A small business owner has been fined $70,000 by the Federal Circuit Court after he was found to have used inaccurate job ads to lure young backpackers to remote Tasmania and pay them as little as $1.35 an hour.
Harold Jackson, the former operator of Harold’s Glass and Hardware and the Rhythm & Vines cafe in Queenstown, has been been found to have underpaid five backpackers – all aged in their 20s – around $43,000.
The backpackers travelled to Australia on 417 working holiday visas, with one backpacker paid $270 for four weeks of work – the equivalent of $1.35 an hour.
The court found Jackson placed ads on Gumtree and in backpacker hostels that claimed he would “sign off” on people’s working visas after 88 days.
However, when the backpackers arrived they were made to undertake hard physical labour and were “actually and financially stranded”, according to the court.
The court found some of the workers were arbitrarily sacked and Jackson refused to sign off on their 88-day regional working requirement.
When handing down the penalties, Judge Terry McGuire described Jackson’s behaviour as both “calculated” and “callous”.
“The employees were vulnerable and such vulnerability was compounded by their isolated circumstances and the deliberate and, at times, callous nature of the respondent’s behaviour,” McGuire said.
Fair Work Ombudsman Natalie James said in a statement the ruling makes it clear the exploitation of overseas workers is unacceptable and leads to serious consequences.
“We have minimum pay rates in Australia, they apply to everyone, and they are not negotiable,” James said.
“Employers cannot undercut minimum wages, even if their employees offer to accept lower rates. And they must keep accurate time and wages records at all times.”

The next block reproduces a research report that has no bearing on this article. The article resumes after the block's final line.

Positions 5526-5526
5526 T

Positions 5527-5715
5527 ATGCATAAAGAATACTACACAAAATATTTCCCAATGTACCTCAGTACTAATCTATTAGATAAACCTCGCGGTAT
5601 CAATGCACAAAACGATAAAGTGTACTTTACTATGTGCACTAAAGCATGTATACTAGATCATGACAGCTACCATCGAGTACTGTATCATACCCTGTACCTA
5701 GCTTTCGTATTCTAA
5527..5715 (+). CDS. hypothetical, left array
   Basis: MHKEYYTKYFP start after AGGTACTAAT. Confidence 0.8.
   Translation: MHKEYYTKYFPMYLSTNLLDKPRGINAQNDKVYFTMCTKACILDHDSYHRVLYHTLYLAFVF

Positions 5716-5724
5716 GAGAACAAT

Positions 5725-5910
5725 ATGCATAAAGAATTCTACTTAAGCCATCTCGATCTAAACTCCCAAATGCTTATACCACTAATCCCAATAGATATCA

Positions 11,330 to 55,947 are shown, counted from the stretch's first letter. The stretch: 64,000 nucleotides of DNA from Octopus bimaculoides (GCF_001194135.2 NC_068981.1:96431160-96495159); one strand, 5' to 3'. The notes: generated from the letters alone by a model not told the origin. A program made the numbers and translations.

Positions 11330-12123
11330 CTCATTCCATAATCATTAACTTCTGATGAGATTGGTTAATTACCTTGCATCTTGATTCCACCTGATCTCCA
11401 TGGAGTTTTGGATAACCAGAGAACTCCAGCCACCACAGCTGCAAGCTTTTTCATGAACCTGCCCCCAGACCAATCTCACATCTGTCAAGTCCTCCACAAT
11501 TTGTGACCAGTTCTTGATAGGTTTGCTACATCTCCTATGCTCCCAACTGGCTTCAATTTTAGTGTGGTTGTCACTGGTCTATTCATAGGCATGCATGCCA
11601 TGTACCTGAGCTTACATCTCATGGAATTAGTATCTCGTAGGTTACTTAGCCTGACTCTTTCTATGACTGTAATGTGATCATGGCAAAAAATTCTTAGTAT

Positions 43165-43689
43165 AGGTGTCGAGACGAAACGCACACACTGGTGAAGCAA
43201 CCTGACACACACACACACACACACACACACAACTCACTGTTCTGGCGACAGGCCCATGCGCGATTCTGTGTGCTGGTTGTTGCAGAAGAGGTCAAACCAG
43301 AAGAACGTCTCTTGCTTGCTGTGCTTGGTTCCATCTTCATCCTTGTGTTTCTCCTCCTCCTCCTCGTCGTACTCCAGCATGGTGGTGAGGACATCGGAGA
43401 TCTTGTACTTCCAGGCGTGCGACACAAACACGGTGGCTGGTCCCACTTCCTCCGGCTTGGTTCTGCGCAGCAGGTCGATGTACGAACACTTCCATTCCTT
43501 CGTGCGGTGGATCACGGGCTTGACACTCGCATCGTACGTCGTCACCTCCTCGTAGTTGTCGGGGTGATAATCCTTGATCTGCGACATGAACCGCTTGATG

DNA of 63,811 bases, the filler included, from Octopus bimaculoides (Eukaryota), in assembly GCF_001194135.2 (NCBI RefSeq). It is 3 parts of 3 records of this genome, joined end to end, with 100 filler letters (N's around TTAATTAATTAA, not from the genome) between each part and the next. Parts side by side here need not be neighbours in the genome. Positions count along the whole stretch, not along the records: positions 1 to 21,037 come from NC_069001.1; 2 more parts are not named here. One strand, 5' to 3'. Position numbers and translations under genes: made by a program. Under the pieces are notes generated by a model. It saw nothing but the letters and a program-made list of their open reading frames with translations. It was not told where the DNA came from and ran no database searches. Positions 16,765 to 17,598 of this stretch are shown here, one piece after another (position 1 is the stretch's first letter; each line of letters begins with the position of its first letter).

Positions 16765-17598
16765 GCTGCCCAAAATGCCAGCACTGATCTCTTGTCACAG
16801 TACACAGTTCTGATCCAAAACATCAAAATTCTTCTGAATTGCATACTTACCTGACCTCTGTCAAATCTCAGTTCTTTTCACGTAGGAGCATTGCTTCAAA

What can be done to prevent similar cases like this one happening in the future?
Alan McDonald, managing director of employment law firm McDonald Murholme, told SmartCompany cases such as this one are “extreme and uncommon”.
However, McDonald believes something as simple as a register of visa workers that could keep track of backpackers and employers would help authorities identify unlawful behaviour sooner.
“Random checks of that register to ensure compliance in a simple audit would give everyone some comfort, especially the many good employers that always do the right thing,” McDonald says.
“The government’s decision to impose a 32% tax on backpackers, which has now been delayed six months, was a very misguided response to the problem.”
SmartCompany was unable to contact Harold Jackson for comment.
However, speaking to SmartCompany last year when the Fair Work Ombudsman first initiated proceedings, Jackson denied any wrongdoing.
“It’s not true,” Jackson said.
“The worst thing is to defend it is going to cost me an arm and a leg. We are talking tens of thousands of dollars and they know small business people like myself don’t have that money.”
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